Accordingly, it appears that although earlier in his life Thomas used the surname ‘Drake‘, he later reverted to the surname ‘Chilleystone‘ (one of the variations of his mother’s surname). However, he also added ‘Drake’ to his name – perhaps ‘as a nod’ to his father.
Interestingly, when registering their daughter Lydia’s birth, Thomas and Elizabeth used the surname Chillystone. Thomas Drake Chilleystone’s death was also registered with the surname Chillystone, i.e. Thomas D Chillystone.
In my One-Place Study research, I have found several families who assuumed different surnames between census returns and other documentation. This practice does not appear uncommon for the times.
Why Did Thomas’s Parents Not Marry?
Because of the inconsistencies in Thomas’s surname, I think it reasonable to assume that Thomas was aware that his parents were not married.
However, he may have wondered why his parents never ‘tied the knot’, despite them being together in excess of 50 years.
I wondered too, and looked further into Thomas Drake Chilleystone’s parents, Thomas Drake and Charlotte Chilly (Chilleystone), to see whether I could find a conclusion.
The 1871 census states that Thomas Drake (then 74) was unmarried. 64 year old Charlotte (as Charlotte Chilleystone) is described as Thomas’s housekeeper, and also unmarried. Thomas and Charlotte (with Charlotte’s nine year old grandson Charles Chilleystone) were living in Chapel Street, Rockland St Peter.
By 1881, Thomas and Charlotte had moved to Scoulton Road.
The census captures Thomas and Charlotte Drake as lodgers with 85 year old veterinary surgeon, Orford Reynolds.
Significantly, the census shows both Thomas and Charlotte as ‘married’.
Given that Orford Reynolds was the head of this household (and likely gave the information to the census enumerator), Reynolds may have assumed the couple to be married.
However, after all the years of being together, Thomas and Charlotte may have considered themselves a married couple.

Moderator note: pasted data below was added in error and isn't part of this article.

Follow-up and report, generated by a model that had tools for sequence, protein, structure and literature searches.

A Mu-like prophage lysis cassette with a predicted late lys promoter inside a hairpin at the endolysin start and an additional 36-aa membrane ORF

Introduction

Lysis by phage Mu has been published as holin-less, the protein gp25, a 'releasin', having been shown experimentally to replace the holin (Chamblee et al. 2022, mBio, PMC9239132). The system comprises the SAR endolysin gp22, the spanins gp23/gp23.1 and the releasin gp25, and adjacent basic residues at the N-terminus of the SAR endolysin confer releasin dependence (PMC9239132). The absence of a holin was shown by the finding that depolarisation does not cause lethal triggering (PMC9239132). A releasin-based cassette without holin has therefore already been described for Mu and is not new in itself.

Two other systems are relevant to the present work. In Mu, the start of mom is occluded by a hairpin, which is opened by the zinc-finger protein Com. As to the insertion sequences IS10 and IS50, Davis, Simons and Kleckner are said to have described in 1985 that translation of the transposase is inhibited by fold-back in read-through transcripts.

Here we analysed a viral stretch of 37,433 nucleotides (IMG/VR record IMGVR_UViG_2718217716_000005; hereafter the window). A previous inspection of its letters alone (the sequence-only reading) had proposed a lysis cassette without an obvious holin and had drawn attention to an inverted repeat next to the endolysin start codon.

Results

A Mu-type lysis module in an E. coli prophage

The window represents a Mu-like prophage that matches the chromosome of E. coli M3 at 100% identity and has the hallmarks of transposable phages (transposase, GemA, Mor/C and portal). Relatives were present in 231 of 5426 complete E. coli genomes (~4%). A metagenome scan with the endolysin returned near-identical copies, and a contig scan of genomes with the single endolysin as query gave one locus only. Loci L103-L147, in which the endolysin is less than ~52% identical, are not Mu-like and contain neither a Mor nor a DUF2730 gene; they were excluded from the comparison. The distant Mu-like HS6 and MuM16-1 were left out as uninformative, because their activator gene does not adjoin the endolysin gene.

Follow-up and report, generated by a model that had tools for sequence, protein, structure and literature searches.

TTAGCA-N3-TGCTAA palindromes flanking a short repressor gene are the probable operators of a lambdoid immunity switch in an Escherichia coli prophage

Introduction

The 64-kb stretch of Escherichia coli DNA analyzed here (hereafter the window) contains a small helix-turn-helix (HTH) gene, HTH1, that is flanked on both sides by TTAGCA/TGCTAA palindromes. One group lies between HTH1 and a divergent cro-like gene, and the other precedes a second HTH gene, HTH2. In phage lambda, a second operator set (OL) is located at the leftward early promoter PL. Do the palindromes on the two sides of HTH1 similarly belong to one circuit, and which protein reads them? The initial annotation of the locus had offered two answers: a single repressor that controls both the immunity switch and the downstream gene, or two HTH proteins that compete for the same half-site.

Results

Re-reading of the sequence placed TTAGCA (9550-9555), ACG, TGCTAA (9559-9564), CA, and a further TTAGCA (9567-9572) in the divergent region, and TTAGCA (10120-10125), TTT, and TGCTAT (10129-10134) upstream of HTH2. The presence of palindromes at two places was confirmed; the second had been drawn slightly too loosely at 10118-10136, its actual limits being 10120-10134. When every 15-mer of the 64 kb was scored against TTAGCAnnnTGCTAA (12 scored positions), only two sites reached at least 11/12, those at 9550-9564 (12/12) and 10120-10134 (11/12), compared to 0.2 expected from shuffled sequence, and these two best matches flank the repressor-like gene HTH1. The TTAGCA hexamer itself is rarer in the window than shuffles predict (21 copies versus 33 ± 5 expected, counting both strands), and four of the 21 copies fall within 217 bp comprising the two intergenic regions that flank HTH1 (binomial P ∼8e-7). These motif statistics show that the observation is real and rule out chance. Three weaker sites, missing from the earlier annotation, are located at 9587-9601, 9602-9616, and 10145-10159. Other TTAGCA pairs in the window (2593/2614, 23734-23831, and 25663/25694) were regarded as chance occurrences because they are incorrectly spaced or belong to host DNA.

Nevertheless, I do not believe that Thomas and Charlotte married.
Deaths of Thomas Drake & Charlotte Chillystone
At the age of 86, Thomas Drake was buried in the churchyard of All Saints with Saint Andrew at Rocklands on the 6th July, 1884.
Three months later, 75 year old Charlotte Chillystone was buried in the same churchyard on the 12th October.
In conclusion, I think it likely that Thomas and Charlotte did not marry for the simple reason that a marriage between them would be unlawful.
Charlotte Chilly (or Chilleystone/Chillystone) was most probably the sister of Thomas Drake’s second wife, Maria.
In 1835 (not long after Thomas and Charlotte began co-habiting), a law was passed prohibiting a marriage by a man with his late wife’s sister.
It was not until the Deceased Wife’s Sister’s Marriage Act of 1907, that it was once again lawful for a man to marry his dead wife’s sister.
Accordingly, any marriage between Thomas Drake and Charlotte Chilly (Chilleystone) taking place between 1835 and their deaths in 1884, would have been against the law. However, I have no doubt that countless unlawful marriages did take place during the Victorian period!
Nonetheless, it is possible that Thomas and/or Charlotte had no intention to marry, even if they could lawfully do so.
Charlotte may have been more than content to keep house for Thomas and bear his children. Thomas may also have been happy with the arrangement as it was.
We will, of course, never know.
Great Ellingham Parish Registers. Norfolk Record Office.PD 609. Also available at www.familysearch.org
Rockland St Peter Parish Registers. PD 336. Transcriptions, Norfolk Family History Society. https://www.norfolkfhs.org.uk/
Rockland All Saints with Saint Andrew. Transcriptions, Norfolk Family History Society. https://www.norfolkfhs.org.uk/
26th March 1910 Lowestoft Journal. Accessed via British Newspapers Archive https://www.britishnewspaperarchive.co.uk/ 25th April 2021
1901 census RG13/1867/104
1891 census RG12/1549/104
1881 census RG11/1975/90,
1871 census RG10/1842/99, RG10/1842/98
1861 census RG9/1238/97
1851 census HO107/1823/264
1841 census HO107/785/22
GRO Index. https://www.gov.uk/gro